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The Lilly Research Labs: Making a re-discovery


Writing to Carl Cori, and crystallised insulin
Christian de Duve Scientist
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So I wrote to Carl Cori, and I still have his reply. By that time I could only spend six months away from... because I had started... I had been appointed in Louvain as a lecturer, and so he wrote and said, 'Sorry, but I can't take a fellow for more than... for less than one year, six months... so I can't take you. In addition, there is... with you, there is the additional difficulty that we do not see eye to eye, with respect to the mechanism of action of insulin.' So I was devastated and... but then a couple of months later I got another letter from Carl and he... the letter said, 'I want to get back to your request. Earl Sutherland in my laboratory has just found that the action of insulin on liver slices... the glycogenic action releasing glucose from glycogen is not due to insulin but to an impurity. I believe you have also done some work on this, and perhaps you might be interested in working with Dr. Sutherland.' Now, when he said, 'I believe you've already done some work', in fact, he was referring to what I would consider my first discovery. During the war, when I was writing this book and reading everything about insulin and trying to make sense of everything, I had run into a paper by a man called Bridge, published in 1938, in which he had truly found evidence that insulin would release glucose from liver glycogen. I won't go into the detail but the evidence was convincing. And so this worried me very much, because I said, 'Well, the evidence is there and I don't believe it is correct because I have other reasons to believe the opposite.' Fortunately, as I said, I had read a lot about insulin and in my reading I had read about an impurity that the early people who had started purifying insulin – in the United States, after it was discovered – had found as an impurity, and they had shown that this impurity could be removed when you crystallised insulin according to a rather complicated technique, developed by a man called Abel. And so crystalline insulin did not contain this hypoglycaemic impurity.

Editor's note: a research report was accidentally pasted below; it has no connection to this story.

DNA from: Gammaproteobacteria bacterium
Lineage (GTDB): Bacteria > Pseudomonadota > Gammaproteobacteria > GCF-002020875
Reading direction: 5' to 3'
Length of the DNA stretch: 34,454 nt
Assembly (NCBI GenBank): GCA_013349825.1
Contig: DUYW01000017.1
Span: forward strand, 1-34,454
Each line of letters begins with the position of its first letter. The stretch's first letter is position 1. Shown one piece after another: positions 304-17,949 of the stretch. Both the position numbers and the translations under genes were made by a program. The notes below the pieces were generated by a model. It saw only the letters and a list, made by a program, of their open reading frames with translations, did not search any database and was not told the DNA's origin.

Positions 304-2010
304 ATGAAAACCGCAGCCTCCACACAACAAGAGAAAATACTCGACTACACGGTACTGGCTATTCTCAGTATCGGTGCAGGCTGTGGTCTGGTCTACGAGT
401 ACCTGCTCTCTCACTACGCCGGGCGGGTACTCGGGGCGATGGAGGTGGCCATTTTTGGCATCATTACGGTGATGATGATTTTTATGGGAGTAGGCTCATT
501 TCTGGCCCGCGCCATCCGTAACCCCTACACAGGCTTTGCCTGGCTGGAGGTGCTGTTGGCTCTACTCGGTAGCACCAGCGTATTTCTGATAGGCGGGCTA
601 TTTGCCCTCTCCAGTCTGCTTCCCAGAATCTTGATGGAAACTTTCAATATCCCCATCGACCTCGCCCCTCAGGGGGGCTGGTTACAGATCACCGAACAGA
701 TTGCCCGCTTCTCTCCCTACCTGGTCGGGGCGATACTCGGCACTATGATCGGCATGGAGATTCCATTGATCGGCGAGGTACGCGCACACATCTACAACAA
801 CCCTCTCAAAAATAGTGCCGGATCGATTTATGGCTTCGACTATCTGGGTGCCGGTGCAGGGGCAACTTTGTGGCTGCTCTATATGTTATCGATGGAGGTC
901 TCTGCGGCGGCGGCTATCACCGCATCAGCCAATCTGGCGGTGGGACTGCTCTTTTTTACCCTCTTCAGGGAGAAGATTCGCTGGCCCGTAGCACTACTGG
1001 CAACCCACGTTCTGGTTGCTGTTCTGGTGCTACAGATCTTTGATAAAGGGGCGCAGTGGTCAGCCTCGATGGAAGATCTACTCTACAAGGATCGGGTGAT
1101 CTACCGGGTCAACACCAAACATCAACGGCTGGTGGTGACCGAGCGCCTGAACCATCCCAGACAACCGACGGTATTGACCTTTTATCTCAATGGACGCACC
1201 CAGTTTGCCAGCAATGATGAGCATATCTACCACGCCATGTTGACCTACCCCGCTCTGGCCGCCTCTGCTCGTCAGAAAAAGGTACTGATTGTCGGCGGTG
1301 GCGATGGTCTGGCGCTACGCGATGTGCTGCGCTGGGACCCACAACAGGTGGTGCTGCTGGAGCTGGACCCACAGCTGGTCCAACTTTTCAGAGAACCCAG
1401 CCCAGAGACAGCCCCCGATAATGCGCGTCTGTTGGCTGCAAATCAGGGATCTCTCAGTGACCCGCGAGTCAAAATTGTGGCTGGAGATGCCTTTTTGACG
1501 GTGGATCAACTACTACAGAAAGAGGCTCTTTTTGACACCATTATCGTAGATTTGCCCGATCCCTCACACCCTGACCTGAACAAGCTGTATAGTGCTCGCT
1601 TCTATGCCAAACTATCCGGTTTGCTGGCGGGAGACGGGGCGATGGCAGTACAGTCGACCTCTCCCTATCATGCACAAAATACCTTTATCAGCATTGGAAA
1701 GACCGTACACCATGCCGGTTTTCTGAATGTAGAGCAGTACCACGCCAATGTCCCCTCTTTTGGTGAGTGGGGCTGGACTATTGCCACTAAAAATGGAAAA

Belgian biochemist Christian de Duve (1917-2013) was best known for his work on understanding and categorising subcellular organelles. He won the Nobel Prize in Physiology or Medicine in 1974 for his joint discovery of lysosomes, the subcellular organelles that digest macromolecules and deal with ingested bacteria.

Listeners: Peter Newmark

Peter Newmark has recently retired as Editorial Director of BioMed Central Ltd, the Open Access journal publisher. He obtained a D. Phil. from Oxford University and was originally a research biochemist at St Bartholomew's Hospital Medical School in London, but left research to become Biology Editor and then Deputy Editor of the journal Nature. He then became Managing Director of Current Biology Ltd, where he started a series of Current Opinion journals, and was founding Editor of the journal Current Biology. Subsequently he was Editorial Director for Elsevier Science London, before joining BioMed Central Ltd.

Tags: 1938, Carl Cori, Earl Sutherland, E M Bridge

Duration: 3 minutes, 14 seconds

Date story recorded: September 2005

Date story went live: 24 January 2008